When the Nets wanted to work out Maccabi Tel Aviv's Maceo Baston in June, they called the agent for Cory Underwood, a 6'-10" streetballer from New York, to ask if his client woud bang with the Euroleague star. According to insider accounts, Underwood so dominated the matchup that it soured the Nets on Baston (who wound up with Indiana) and got Underwood invited to informal workouts at the Nets' Champion Center. Underwood didn't get a full camp invite, but as SLAM Magazine notes he was happy for the opportunity.
If you could look up Cory Underwood's path to the NBA on GoogleMaps, you'd want to make sure your printer had a full tray of paper and know ahead of time that the last step would still be TBD.
Underwood has lived a nomadic baller's life. The 6-10 Queens native stars for the Money Train streetball squad during the summers, but his career otherwise has been a MapQuest. He played for three high schools and three colleges in a seven year span, admittedly never beungin one place long enough to display the potential so many have seen. Now 26, Underwood is looking to realize what he’s dreamt about for years: breaking through to the League.
In June, the Nets invited Underwood for a workout—sort of. "Basically, I was brought in to bang with Maceo Baston from Michigan." He says. By the end of the workout, Nets staffers weren’t sure which player they were supposed to be scouting. What they saw in Underwood was an impressive work ethic, something he had to develop over time. Baston signed with the Pacers, and Cory Underwood kept in contact with the Nets.
The foundation for Cory’s NBA long shot was built five years ago at Wagner, his third college stop in as many years. Raised by an aunt and grandmother, Underwood connected with then-Wagner coach Dereck Whittenberg. "I looked at him as that man I was missing in my life," Underwood says of the former NC State hero. "I learned that year how to work my ass off. He that in my mind and I didn’t get it until the year was pretty much over."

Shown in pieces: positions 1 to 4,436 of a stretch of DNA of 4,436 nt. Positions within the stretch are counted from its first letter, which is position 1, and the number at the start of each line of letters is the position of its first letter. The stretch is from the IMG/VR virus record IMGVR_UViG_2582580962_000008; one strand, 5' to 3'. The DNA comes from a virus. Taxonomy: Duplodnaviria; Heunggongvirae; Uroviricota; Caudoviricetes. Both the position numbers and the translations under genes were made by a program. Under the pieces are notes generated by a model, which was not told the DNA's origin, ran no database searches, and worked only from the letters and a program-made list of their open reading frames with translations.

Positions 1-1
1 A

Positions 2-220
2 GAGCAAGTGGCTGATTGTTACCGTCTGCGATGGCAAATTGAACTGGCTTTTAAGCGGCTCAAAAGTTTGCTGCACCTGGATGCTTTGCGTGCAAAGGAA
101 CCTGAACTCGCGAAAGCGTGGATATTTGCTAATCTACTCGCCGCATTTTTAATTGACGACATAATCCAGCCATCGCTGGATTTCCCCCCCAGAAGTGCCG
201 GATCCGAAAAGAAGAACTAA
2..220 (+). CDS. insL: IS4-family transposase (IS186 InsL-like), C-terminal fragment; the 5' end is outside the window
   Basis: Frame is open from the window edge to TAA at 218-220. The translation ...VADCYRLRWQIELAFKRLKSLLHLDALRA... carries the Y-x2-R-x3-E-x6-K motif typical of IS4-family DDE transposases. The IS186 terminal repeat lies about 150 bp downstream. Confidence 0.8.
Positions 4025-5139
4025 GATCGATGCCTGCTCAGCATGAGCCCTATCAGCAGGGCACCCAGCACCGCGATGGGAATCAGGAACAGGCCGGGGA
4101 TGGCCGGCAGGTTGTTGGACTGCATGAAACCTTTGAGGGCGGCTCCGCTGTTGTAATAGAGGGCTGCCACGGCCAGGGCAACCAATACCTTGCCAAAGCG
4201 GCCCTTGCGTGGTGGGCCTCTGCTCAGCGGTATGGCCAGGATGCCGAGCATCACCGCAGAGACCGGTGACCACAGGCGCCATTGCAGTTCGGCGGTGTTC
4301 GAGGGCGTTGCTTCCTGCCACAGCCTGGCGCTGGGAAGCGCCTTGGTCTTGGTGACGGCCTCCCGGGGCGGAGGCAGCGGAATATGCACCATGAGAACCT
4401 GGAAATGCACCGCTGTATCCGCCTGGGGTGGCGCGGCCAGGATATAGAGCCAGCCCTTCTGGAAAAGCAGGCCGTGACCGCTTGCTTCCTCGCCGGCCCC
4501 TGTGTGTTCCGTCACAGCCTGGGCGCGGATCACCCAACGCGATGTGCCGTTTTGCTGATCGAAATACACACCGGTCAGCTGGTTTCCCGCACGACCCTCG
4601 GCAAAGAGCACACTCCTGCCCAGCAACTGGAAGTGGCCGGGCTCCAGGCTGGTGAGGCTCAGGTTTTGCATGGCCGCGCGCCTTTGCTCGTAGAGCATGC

Trepidation about playing time his senior year got the better of Cory, and he was unable to break his runaway-baller pattern. Despite the respect he had to Whittenberg, he left for Southern University of New Orleans. He calls the NAIA "really underrated—a conference of D1 castoffs." He’s spent the past few years bouncing around the states and Europe in various leagues and earning the nickname "Undertaker" from Joe Cruz Jr. at the Hoops in the Sun summer league. "He said I was just burying people", Cory explains.
Underwood wrapped up his summer with three weeks of workouts for the Nets, hoping to get an invite to the veteran’s camp. He eventually fell short of making the team’s preseason camp roster, but he figures that the experience can only help.
"Just being in the that environment can only make me better." Sounds like he’s finding his way.
--Sam Blake Hofstetter.